if possible, help them with it, in the sense of creating the conditions for these strategies – that today require a lot of resourcefulness and self-sacrifice, and are de facto accessible only to a minority – become viable for the average young person.
if it’s not possible to help them, get out of their way, by refraining from projecting onto them the social and economic model of the 70s. It is the one most senior European decision makers grew up in, but that does not make it the best or the best suited to this day and age.
This will be done through a web project, characterized by fully open and constructive interaction. Its final result will be presented in a high profile conference, probably in May 2012. I have the honor of managing this project, and the good fortune of having been able to put together a stellar team (I will introduce them in a subsequent post). I need to credit the Social Cohesion Research and Development Division of the Council of Europe for believing in the project, and for the courage demonstrated in rolling out such an open initiative.
The project is called Edgeryders. The platform will launch in late October; for now we have put online a provisional blog to start the conversation. Come say hello, and, if you think we are credible, pass word around: we will need all the wisdom and all the help we can get. And you, and we too, that means all of us are the real experts on future building: we struggle with it every day.
On July 1st I started on a new job with the Council of Europe. There will be time to share just what I am doing here. The point I am trying to make at present is that I have become a migrant again (I spent a couple of years in London in the 90s), joining the growing host of my fellow Italians who decide to pursue their own development abroad. I’m renting an apartment in Strasbourg, on Quai des Bateliers: from my windows I see the cathedral, on the other side of the river.
Hanging out on the Italian side of blogs and social networks I got the idea that many Italians, when they move abroad, slam the door on their way out. I had a sort of tag cloud in my head, where expressions like “stagnating country”, “incompetent ruling class”, “talent is not recognized”, “innovation-averse” hang fluctuating, in large colored letters. But when I thought better about it, actually none of the Italians working abroad I know (and there are many) use these expressions. Sometimes I have noticed a hint of bitter irony in comparing their trajectories in London or Berlin with those of their previous lives in Cosenza or Sassuolo, but it is of course not really fair to compare London with Sassuolo. There are a few world cities, and qualified migrants tend to end up there. Italy has no city of this class, as is true of most European countries. The expressions of this particular tag cloud, I now think, are mostly used by people who have not left Italy, and who feel, right or wrong, underrecognized.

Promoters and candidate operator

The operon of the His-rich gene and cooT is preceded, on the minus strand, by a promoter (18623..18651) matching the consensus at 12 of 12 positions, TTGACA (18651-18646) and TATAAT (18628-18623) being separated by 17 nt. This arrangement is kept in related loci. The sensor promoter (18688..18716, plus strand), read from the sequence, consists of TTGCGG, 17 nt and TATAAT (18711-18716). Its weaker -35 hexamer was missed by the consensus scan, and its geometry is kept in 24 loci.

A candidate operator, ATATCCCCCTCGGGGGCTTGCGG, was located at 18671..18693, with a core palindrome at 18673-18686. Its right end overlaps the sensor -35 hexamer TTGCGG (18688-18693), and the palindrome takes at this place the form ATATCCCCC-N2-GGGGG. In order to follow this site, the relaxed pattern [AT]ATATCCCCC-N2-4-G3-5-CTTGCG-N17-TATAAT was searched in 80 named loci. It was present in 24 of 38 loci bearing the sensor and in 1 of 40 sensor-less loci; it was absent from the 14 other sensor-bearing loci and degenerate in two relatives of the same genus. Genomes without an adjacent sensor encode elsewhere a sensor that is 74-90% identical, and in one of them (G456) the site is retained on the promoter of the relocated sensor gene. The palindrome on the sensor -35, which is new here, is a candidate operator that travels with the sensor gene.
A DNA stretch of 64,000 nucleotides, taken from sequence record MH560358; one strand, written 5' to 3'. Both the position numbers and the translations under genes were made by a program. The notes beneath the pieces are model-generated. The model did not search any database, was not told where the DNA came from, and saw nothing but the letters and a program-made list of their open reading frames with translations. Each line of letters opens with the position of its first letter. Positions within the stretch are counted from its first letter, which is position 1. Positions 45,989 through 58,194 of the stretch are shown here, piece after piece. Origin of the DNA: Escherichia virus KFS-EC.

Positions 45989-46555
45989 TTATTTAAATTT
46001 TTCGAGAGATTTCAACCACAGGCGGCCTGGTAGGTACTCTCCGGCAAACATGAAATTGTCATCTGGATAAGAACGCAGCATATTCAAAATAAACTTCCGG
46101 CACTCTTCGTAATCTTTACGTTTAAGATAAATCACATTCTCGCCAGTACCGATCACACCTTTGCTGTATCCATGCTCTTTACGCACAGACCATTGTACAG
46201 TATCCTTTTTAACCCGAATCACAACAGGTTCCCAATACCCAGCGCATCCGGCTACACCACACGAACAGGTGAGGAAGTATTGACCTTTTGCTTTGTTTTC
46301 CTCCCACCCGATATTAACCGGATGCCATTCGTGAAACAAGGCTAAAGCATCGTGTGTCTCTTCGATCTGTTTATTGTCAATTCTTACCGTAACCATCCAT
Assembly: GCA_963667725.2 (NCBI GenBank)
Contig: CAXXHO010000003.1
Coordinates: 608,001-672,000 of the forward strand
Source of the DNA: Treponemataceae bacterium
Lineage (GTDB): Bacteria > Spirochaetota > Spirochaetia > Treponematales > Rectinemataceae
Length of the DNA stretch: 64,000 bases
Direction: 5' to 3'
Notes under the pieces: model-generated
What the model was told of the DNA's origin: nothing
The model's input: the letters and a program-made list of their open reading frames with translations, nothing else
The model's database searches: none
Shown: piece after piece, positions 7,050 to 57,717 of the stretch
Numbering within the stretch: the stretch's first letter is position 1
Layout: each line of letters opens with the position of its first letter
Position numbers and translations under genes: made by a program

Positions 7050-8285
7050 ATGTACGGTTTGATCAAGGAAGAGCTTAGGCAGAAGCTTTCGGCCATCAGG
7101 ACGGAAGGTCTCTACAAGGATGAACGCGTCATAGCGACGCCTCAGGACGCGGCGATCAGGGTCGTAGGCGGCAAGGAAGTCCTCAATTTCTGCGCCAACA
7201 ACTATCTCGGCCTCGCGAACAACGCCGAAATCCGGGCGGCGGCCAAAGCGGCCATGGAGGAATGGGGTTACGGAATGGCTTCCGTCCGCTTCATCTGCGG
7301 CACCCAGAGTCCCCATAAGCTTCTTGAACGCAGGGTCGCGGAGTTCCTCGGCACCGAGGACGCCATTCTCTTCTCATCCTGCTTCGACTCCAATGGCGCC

I certainly don’t feel that way. I have no reason to think my talents, if any, have not been recognized in my own country. I moved out firstly because my intellectual development brings me to seek closer interaction with smart people all over the world, and secondly because I am an European patriot; I think Italy makes sense in the context of Europe, and that Europe would be mutilated without Italy, the astounding traction of its civil society, its ability to make things happen without delegating everything to a nanny State, yet staying away from extreme individualism. Now that I have left Italy, I hope I can be even more useful and more present to my countrymen. I work in an international institution as an Italian, and I want to be an open channel between my country, my continent and the world.